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September 8th, 2021

Stemming Robocalls Worldwide: Best Practices for Leveraging STIR and/or SHAKEN

Robocalls and call spoofing are a growing, global problem. In the U.S. alone, illegitimate calls are wreaking havoc and costing approximately $10B+ in fraud each year according to the Federal Communications Commission (FCC). As the U.S. takes the lead in stemming this surge with the STIR/SHAKEN call authentication framework, other nations are taking steps to determine whether STIR and/or SHAKEN are viable call authentication tools for their unique needs. To make that determination, regulatory agencies in numerous countries are eager to learn best practices and lessons learned from the U.S., where efforts to end robocalls and call spoofing are well underway.

The question of call authentication around international calls also impacts U.S. carriers. Billions of legitimate international calls coming into the U.S. are at risk of being mislabeled as spam or blocked because the originating network cannot be authenticated. 

In addition, the use of analytics and STIR/SHAKEN by the largest U.S. carriers has resulted in scammers shifting their tactics to send robocalls calls via service providers who haven’t yet put mitigation efforts in place. Small, unsuspecting providers around the world are their target. And international calls to those small to mid-sized carriers seem to be the biggest problem.

Although the FCC mandated that Communication Service Providers (CSPs) implement STIR/SHAKEN and/or robocall mitigation by this past June, and certify in the Robocall Mitigation Database (RMDB) what actions they’ve taken, there’s another deadline looming.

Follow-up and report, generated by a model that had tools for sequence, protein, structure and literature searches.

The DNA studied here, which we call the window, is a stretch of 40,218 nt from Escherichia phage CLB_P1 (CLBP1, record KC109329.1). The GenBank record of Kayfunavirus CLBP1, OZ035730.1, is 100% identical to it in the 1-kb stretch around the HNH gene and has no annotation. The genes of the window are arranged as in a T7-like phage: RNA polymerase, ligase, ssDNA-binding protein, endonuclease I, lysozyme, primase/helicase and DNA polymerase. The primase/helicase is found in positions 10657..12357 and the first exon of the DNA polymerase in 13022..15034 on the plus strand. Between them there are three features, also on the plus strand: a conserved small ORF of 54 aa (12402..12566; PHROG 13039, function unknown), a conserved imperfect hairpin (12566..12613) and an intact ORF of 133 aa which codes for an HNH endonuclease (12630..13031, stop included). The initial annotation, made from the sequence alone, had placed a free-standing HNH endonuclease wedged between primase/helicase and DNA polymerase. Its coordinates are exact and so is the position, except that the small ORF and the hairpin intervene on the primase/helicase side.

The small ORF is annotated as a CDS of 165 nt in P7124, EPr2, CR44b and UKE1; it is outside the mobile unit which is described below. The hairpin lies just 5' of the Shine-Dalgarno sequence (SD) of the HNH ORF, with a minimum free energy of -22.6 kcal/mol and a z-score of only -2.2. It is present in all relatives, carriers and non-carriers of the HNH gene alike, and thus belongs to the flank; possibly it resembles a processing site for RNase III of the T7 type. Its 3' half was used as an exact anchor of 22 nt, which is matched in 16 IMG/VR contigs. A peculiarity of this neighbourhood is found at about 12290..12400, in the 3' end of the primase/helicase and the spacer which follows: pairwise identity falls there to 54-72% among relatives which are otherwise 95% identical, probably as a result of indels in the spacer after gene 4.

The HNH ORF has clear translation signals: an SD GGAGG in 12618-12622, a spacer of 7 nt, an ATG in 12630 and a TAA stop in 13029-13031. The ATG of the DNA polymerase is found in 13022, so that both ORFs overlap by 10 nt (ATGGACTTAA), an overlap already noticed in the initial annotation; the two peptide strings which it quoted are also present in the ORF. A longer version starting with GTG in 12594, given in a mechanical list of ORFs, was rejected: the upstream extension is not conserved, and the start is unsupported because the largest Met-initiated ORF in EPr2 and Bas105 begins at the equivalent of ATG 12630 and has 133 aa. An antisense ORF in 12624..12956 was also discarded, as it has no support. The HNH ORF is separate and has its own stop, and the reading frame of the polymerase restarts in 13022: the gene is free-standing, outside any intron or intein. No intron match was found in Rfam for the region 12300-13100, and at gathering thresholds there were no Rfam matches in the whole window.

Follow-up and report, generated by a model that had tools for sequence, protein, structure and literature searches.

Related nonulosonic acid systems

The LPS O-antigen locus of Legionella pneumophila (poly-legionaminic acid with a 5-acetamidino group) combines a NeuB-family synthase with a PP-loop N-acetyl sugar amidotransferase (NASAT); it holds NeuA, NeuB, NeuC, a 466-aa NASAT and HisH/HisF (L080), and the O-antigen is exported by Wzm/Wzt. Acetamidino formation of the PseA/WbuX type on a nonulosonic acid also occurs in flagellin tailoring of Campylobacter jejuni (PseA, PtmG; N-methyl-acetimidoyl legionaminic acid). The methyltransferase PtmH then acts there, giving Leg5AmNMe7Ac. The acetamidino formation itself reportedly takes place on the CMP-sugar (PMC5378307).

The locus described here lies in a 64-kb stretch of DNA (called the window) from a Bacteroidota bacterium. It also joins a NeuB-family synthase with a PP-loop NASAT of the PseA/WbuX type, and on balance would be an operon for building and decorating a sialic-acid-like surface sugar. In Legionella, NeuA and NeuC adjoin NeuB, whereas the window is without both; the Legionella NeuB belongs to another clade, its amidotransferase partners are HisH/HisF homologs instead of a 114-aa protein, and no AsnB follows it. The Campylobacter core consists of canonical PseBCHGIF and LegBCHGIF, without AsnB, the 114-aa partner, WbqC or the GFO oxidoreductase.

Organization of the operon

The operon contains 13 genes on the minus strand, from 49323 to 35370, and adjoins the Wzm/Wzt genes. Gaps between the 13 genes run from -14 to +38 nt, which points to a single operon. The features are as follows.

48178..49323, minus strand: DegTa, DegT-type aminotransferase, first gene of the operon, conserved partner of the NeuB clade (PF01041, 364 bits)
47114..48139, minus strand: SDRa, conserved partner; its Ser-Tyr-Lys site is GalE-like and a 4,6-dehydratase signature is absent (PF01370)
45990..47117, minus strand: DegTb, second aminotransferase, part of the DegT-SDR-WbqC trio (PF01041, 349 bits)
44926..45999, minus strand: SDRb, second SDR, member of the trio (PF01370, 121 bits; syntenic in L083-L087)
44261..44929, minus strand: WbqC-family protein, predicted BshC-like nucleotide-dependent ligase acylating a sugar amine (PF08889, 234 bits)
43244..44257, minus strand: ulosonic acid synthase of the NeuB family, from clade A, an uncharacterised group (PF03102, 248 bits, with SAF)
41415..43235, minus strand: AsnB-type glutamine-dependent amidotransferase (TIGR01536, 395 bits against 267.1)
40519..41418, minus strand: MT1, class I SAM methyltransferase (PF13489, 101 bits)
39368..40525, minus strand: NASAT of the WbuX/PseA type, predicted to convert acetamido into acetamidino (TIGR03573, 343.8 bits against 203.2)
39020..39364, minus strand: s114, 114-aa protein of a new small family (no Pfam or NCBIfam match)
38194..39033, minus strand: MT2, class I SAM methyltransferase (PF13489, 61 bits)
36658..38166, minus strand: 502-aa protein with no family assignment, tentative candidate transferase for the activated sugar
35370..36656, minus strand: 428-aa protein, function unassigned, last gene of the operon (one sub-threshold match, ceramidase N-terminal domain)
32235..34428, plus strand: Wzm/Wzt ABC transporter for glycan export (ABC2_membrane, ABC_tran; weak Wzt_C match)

Starting September 28, Intermediate and Terminating Service Providers (TSPs) must reject traffic from those providers that have not registin the database to keep calls flowing.

Global issues, global solutions.
STIR (Secure Telephone Identity Revisited), a standard created by the IETF, is considered a universal standard that can be successfully deployed in any country to help authenticate calls using SIP-based services. STIR has also been tested extensively in the ATIS Robocalling Testbed, by domestic and international carriers, for numerous years. SHAKEN (Secure Handling of Asserted information using toKENs), on the other hand, was designed specifically for the U.S., and deals with governance issues in how the STIR efforts should be managed. 

While the specifics of SHAKEN can’t be replicated everywhere because the way phone calls are assigned and managed varies country by country, it provides a model for each nation to determine their own version of SHAKEN based on their unique infrastructures, processes, laws and governance structures.

Progress in the U.S. and abroad.
Over 3,000 service providers have registered in the FCC database, and millions of calls have been signed using STIR/SHAKEN. That experience offers proven guidance for international carriers who are just starting to determine how STIR and SHAKEN, or other options, can mitigate robocalls and ensure legitimate calls get through.  Here’s a quick recap: